But I can’t let the long term goals completely go. I know that I have to teach her to want for tomorrow, next week, next month and next year.  Occasionally she’ll talk about the future, but it is so very rare.

I suppose that the more positive way of looking at this is to see her living in the present, and that’s supposed to be a good thing, right?

But living in the present is supposed to be enjoyable, and it is not rooted in an inability to think about the future.

I don’t know what it will be able to make her want more. Time I suppose. I’m hopeful that she’ll continue to progress and to want things. I want so much for her, but more than anything I want her to want more out of life for herself.

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About AdoptiveBlackMom

I'm a single Black professional woman living in the DC area. I adopted tween a few years ago, and this blog chronicles our journey. Feel free to contact me at adoptiveblackmom@gmail.com, on Facebook at Adoptive Black Mom, and on Twitter @adoptiveblkmom. ©www.AdoptiveBlackMom.com, 2013-2017. All rights reserved. (Don't copy my ish without credit!) View all posts by AdoptiveBlackMom

6 responses to “Wanting More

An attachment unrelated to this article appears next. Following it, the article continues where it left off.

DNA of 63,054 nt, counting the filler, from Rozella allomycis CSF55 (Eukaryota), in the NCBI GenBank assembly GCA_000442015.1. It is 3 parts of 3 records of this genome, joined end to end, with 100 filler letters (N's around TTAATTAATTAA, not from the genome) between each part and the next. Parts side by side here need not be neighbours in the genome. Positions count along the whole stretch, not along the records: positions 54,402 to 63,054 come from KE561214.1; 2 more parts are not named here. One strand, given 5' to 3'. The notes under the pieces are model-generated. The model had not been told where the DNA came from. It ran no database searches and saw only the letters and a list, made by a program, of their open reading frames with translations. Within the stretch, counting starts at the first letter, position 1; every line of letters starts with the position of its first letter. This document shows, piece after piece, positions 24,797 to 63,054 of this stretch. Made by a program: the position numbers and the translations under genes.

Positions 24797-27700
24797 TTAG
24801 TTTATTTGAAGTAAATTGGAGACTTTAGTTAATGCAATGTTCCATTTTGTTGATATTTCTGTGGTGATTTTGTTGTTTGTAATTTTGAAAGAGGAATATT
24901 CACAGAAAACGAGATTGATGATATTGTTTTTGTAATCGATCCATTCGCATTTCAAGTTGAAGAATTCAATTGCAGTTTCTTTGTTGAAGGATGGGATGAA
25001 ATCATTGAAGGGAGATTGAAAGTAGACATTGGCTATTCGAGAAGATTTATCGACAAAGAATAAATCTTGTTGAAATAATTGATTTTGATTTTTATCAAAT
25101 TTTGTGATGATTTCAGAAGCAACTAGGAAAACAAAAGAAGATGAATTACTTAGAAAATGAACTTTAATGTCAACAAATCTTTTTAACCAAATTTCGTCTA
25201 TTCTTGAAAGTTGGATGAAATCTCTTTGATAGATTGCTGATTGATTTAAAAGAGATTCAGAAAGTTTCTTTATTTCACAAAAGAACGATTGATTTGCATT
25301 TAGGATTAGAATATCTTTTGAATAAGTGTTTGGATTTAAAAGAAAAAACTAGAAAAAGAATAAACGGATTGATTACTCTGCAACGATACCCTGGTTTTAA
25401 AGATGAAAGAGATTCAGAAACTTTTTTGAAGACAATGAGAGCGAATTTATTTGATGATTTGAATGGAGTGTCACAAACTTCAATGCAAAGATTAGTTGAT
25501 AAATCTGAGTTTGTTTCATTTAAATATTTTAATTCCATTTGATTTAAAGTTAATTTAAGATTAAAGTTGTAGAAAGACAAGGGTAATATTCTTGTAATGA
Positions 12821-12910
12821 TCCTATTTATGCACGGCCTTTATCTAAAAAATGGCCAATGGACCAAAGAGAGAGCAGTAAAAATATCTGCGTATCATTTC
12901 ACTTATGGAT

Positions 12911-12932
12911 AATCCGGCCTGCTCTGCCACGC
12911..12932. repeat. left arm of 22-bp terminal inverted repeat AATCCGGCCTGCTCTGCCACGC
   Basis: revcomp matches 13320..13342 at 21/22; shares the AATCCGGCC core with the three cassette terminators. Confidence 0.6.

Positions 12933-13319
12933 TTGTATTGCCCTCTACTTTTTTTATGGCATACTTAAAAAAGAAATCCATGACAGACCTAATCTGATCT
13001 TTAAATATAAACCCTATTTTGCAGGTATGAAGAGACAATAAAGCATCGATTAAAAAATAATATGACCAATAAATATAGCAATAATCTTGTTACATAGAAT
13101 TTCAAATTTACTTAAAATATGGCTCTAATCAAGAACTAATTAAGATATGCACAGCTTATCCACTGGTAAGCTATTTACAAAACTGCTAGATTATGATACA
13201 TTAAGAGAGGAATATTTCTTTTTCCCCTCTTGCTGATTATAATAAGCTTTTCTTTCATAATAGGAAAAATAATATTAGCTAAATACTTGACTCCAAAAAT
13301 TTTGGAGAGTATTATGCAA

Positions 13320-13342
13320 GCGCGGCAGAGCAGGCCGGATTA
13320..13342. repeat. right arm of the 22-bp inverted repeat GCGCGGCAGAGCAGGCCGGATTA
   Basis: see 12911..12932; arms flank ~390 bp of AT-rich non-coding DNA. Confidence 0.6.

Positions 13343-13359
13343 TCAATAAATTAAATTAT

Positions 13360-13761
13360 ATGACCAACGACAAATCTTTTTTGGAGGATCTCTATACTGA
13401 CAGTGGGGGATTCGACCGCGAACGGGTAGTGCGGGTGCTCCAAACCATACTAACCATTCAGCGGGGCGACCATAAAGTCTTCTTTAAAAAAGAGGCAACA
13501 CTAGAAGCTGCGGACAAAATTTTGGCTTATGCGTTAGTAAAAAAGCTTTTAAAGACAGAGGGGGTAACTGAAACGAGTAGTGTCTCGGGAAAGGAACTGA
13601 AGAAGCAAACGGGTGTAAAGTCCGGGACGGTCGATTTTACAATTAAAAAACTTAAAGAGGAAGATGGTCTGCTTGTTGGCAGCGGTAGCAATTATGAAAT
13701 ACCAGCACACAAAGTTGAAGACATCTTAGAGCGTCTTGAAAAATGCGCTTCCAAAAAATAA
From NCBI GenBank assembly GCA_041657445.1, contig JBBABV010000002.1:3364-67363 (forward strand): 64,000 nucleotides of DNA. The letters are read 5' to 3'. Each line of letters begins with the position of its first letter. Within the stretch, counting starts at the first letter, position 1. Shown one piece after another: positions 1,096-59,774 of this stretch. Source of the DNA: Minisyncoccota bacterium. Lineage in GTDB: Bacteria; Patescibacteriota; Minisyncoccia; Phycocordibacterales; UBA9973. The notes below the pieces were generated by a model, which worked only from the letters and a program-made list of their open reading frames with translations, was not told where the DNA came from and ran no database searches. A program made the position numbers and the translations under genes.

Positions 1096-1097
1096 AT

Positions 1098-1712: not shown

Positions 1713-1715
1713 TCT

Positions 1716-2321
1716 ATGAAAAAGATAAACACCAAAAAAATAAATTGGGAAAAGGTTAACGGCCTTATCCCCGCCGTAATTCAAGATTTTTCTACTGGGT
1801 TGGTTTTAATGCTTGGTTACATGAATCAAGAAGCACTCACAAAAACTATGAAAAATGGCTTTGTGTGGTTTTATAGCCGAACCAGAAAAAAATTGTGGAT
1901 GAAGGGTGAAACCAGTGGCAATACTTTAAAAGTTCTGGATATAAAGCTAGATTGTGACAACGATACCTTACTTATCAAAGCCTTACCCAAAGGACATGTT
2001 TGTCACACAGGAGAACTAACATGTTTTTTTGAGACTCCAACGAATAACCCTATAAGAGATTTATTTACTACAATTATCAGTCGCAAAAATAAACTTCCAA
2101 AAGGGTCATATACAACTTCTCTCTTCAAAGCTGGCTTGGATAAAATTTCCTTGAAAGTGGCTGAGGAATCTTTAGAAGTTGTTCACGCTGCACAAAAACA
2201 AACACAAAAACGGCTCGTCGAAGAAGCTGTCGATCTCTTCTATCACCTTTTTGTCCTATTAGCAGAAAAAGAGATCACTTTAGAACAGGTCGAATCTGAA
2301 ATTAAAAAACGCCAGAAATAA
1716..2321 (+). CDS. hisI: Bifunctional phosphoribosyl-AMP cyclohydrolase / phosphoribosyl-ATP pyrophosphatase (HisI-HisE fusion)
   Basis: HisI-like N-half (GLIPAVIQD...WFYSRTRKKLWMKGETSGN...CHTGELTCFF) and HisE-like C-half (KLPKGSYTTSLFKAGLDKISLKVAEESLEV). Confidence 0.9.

• My Perfect Breakdown

    I wonder if her future dreams will grow the longer you two are together? Maybe it’s sometime that takes time? I’m sitting here trying to think about what age I moved into realizing hard work in school was a necessity for my future. I just always got top grades and was told i was going to university. I’m not sure if I really got how hard work mattered until university when I realized my first degree wasn’t enough and needed to get my master degree which required top grades.
    Also, I do disinctly remember trying to get out of the equivelent of honours math in grade 12, my dad refused to let me. We fought like cats and dogs over it. And you know what, if he gave into me, I wouldn’t be where I am today. It turns out I needed that math course to get into my university program and I simply didn’t make the link when I was 16/17, but my dad did. So, maybe it’s a normal state for her age? I know my experience isn’t exactly a scientific study, but it’s food for thought I guess

    • AdoptiveBlackMom

      I hope those dreams will emerge as time goes on. I don’t think that she’s thinking about it like her peers though, so that’s why I believe this is a trauma thing. I mean, at least she’s come around and said she guesses she will go to college now; that’s a dramatic change from 2 years ago. Her peers are talking about homework and grades and what they want to be one day; Hope is like, “Um, can we get ice cream tomorrow? I don’t/can’t process this other stuff about college.”

      We’ll see what the future holds. 🙂

  • TheChroniclesofaNonBellyMama